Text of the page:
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At a dark and intimate lounge on an October night in the Lower East Side, several Indians descended upon the scene, ready to see one of their own embrace her moment in the spotlight. They were there to see R&B and jazz singer-songwriter Saleka perform songs from her upcoming debut album, Seance.
To many, Saleka may be renowned director M. Night Shyamalan’s daughter. But over the last year and a half, she has broken out to create a niche of her own, winning acclaim for her singles and captivating crowds with atmospheric and narrative-driven concerts. Born into a family of Indian-American immigrants, arts has been coursing through her veins for as long as she can remember.
In an exclusive interview with SEEMA, Saleka talks about her upbringing and the inherent pressure to succeed, working with her father on his show “Servant” and movie Old, and the intricacies of the stories she tells through her new album.
Tell me more about your childhood and what it was like growing up in a household where your father is already a worldwide name.
I had a pretty normal childhood, I would say. We’re all super close, and still are. I think that was a big part of my childhood, family was super important. And my parents kind of instilled that value system as well, keeping the family together and seeing each other often, even our grandparents and cousins.
I started music from a young age, with classical piano when I was four. And when I turned 16 or 17, I wanted to try writing my own songs and singing and exploring that. Because of my dad’s career, our household is always filled with art, we’re always talking about movies and music, just artistic things. And I don’t know who I would be if I wasn’t raised that way. I also think that I’m lucky because both my parents are interested in the arts and with my dad having made a career out of film, I was lucky enough to grow up in a household where the arts were perceived as a viable career option and to be supported in that, because I know that’s not the case in every family.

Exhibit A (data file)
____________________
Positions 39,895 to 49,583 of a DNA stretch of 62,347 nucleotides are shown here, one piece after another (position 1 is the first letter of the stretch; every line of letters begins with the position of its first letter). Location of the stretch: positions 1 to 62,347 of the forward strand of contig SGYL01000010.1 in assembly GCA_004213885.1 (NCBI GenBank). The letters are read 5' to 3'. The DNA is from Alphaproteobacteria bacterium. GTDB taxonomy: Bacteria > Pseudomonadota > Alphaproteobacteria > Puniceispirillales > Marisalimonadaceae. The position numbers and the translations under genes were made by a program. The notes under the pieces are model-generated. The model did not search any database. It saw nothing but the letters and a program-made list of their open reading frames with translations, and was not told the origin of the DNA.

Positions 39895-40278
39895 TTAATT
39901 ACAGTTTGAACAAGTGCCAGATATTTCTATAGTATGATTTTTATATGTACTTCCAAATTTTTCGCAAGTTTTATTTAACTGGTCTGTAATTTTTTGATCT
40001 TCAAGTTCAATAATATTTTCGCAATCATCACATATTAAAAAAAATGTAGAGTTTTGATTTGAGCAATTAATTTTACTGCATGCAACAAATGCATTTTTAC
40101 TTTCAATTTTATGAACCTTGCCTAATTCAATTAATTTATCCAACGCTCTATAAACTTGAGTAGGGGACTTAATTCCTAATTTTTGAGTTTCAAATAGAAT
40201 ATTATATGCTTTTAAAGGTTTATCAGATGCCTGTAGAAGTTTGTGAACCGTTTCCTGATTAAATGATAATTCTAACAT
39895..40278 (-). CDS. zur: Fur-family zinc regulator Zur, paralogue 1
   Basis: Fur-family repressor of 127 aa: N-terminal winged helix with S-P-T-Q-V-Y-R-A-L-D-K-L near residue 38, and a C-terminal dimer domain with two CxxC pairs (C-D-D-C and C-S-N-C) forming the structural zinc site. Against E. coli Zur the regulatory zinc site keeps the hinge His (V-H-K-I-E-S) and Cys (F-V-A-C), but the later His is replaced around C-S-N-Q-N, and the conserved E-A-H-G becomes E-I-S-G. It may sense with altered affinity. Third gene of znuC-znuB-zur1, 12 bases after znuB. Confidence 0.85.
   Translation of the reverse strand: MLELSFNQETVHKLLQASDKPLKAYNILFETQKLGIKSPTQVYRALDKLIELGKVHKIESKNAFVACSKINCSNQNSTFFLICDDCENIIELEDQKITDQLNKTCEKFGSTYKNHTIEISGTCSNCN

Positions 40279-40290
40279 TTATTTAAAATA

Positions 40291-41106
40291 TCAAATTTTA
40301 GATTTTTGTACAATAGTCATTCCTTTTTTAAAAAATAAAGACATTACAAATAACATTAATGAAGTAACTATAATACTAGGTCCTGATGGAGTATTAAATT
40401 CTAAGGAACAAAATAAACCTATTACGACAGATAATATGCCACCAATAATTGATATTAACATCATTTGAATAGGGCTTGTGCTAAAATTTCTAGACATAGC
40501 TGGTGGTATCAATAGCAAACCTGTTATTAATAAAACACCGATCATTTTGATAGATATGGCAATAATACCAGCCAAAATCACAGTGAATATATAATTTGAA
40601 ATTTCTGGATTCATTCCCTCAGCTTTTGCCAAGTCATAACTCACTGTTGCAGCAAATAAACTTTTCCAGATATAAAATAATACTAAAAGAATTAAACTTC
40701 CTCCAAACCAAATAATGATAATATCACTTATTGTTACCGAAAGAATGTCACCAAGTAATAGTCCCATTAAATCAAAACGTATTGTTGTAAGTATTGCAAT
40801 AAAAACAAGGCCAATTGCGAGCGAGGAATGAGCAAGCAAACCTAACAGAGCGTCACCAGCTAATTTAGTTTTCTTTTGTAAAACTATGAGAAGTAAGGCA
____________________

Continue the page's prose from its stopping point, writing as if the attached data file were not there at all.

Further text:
It’s that most wonderful time of the year — the festive season, the season of fancy clothes, family gatherings (safely done, of course), traditional activities, and lavish feasts. No festival is really complete without the joy of a grand eat, blitzing through varieties of snacks, savories, desserts, what have you. In the midst of all the nosy relatives and the incessant picture-taking, the food is really the shining beacon at big fat Indian festivals.
We at SEEMA wholeheartedly agree, having enjoyed a plate — or five — of our favorites at these occasions. We’ve got for you some of the team’s favorite festive eats, from the sweet to the delightfully savory, and hope you’ll enjoy these for yourselves this season!